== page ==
Aim: To understand the Plan Quality process
Although the project manager has overall responsibility for quality, the entire project team plays a role in quality management. Every member of the project team must understand the importance of contributions, accept ownership for problems, be committed to monitoring and improving performance, and be willing to openly discuss issues among team members. Although specific techniques and measures apply to the product being produced, the overall project quality management approach applies to any project and is relevant to the project as well as the product being produced.
Understand the difference between quality and grade. Quality is a measure of how well the characteristics match requirements. Grade is assigned based on the characteristics that a product or service might have. So a product might be of low grade, meaning it has limited features, but might still be acceptable. Low quality is never acceptable.
Also, you need to understand the difference between precision and accuracy. According to the PMBOK, “Precision means the values of repeated measurements are clustered and have little scatter. Accuracy means that the measured value is very close to the true value. Precise measurements are not necessarily accurate. A very accurate measurement is not necessarily precise.”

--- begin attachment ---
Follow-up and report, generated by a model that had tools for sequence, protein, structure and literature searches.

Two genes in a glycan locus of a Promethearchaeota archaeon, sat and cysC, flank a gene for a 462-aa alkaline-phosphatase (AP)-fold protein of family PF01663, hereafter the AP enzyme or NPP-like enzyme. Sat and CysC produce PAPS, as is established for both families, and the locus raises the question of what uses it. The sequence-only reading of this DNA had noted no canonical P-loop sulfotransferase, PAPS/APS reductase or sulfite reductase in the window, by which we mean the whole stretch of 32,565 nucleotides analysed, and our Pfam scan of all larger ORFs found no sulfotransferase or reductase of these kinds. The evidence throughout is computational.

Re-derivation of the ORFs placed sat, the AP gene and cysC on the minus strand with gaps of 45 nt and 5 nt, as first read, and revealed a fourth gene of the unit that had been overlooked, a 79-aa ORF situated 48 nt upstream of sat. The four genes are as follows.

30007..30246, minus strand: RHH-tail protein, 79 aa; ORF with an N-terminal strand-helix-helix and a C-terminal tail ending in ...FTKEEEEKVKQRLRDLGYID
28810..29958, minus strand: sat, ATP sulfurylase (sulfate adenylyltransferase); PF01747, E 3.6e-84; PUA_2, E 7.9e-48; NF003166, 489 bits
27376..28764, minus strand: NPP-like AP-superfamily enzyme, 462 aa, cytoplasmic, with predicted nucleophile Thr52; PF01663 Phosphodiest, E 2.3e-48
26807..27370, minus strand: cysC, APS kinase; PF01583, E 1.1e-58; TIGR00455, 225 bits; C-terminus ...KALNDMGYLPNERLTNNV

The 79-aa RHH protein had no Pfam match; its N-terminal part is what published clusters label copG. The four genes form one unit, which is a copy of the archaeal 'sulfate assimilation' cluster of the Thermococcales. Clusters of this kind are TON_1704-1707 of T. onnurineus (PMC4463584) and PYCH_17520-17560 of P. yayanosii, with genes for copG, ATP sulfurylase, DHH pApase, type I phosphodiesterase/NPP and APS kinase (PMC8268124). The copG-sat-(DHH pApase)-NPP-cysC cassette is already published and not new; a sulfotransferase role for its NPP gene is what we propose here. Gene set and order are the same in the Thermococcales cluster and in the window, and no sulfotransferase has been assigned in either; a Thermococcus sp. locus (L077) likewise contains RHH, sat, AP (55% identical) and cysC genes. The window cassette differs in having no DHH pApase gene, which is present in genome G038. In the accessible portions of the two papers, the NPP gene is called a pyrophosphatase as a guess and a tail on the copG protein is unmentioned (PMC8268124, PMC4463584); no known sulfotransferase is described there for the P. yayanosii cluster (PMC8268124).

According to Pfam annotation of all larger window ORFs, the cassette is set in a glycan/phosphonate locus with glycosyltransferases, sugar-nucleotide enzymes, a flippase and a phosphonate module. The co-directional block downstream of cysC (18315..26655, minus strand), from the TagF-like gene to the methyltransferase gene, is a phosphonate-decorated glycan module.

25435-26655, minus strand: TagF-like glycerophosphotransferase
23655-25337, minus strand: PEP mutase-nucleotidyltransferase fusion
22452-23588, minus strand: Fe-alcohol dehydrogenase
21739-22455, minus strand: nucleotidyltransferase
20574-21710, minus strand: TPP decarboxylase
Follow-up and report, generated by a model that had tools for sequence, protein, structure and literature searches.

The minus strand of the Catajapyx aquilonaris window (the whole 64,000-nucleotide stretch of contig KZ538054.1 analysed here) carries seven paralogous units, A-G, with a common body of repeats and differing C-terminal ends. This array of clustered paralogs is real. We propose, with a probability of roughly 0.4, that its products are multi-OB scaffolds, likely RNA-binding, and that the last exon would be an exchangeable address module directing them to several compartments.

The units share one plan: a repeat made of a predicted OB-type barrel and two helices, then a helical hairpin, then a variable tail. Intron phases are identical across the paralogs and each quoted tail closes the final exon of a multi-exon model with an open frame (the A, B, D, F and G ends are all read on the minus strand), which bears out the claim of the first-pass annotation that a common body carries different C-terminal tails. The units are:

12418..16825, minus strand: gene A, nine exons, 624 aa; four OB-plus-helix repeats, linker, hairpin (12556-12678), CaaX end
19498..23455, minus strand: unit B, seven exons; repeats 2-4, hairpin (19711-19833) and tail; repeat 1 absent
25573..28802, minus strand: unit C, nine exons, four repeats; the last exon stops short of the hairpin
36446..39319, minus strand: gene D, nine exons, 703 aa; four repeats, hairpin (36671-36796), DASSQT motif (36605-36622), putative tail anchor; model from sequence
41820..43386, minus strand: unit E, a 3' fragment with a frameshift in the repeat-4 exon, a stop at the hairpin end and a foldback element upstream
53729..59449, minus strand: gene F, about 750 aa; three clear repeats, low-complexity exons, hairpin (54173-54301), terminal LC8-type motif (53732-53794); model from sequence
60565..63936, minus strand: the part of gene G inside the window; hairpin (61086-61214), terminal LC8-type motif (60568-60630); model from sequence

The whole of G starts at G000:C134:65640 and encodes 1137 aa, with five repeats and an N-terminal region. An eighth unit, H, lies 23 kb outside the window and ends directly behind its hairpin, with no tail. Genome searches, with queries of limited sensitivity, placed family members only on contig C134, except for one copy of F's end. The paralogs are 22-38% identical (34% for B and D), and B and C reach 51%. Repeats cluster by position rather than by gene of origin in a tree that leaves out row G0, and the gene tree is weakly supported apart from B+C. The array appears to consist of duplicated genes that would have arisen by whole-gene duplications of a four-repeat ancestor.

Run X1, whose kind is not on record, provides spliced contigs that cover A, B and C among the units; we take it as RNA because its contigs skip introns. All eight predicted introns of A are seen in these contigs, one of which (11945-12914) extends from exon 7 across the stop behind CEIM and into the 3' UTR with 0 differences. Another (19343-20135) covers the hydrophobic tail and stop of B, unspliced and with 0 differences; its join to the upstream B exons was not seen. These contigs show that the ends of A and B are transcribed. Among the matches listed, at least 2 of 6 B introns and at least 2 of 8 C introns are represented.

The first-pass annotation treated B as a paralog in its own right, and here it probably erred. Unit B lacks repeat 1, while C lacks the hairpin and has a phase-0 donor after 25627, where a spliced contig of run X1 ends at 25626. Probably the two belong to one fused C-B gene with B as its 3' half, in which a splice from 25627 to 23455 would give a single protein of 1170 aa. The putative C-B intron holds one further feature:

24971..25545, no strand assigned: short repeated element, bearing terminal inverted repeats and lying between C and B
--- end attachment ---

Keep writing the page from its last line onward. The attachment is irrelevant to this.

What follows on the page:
The Plan Quality Process:
The plan quality process has a number of key inputs, many of which originate from other initiating and planning processes. The table below shows the inputs, tools and techniques, and outputs for the plan quality process.
|Inputs||Tools & Techniques||Outputs|
Cost performance baseline
Enterprise environmental factors
Organizational process assets
Cost of quality
Design of experiments
Proprietary quality management methodologies
Additional quality planning tools
Quality management plan
Process improvement plan
Project document updates
• The cost of preventing mistakes is generally less than the cost of repairing them.
• In order to be successful, management support for the quality program must exist.
• Quality is tied closely to the scope-cost-time constraints; without quality these objectives cannot be met successfully.
• The cost of quality refers to the cost to implement a quality program.
• Understanding and managing customer expectations is important to a successful quality program.
• The quality program should emphasize continuous improvement.
• There is a close alignment between the quality approach and the overall project management approach on a project.
PMI’s definition of quality: “The degree to which a set of inherent characteristics fulfill requirements.”
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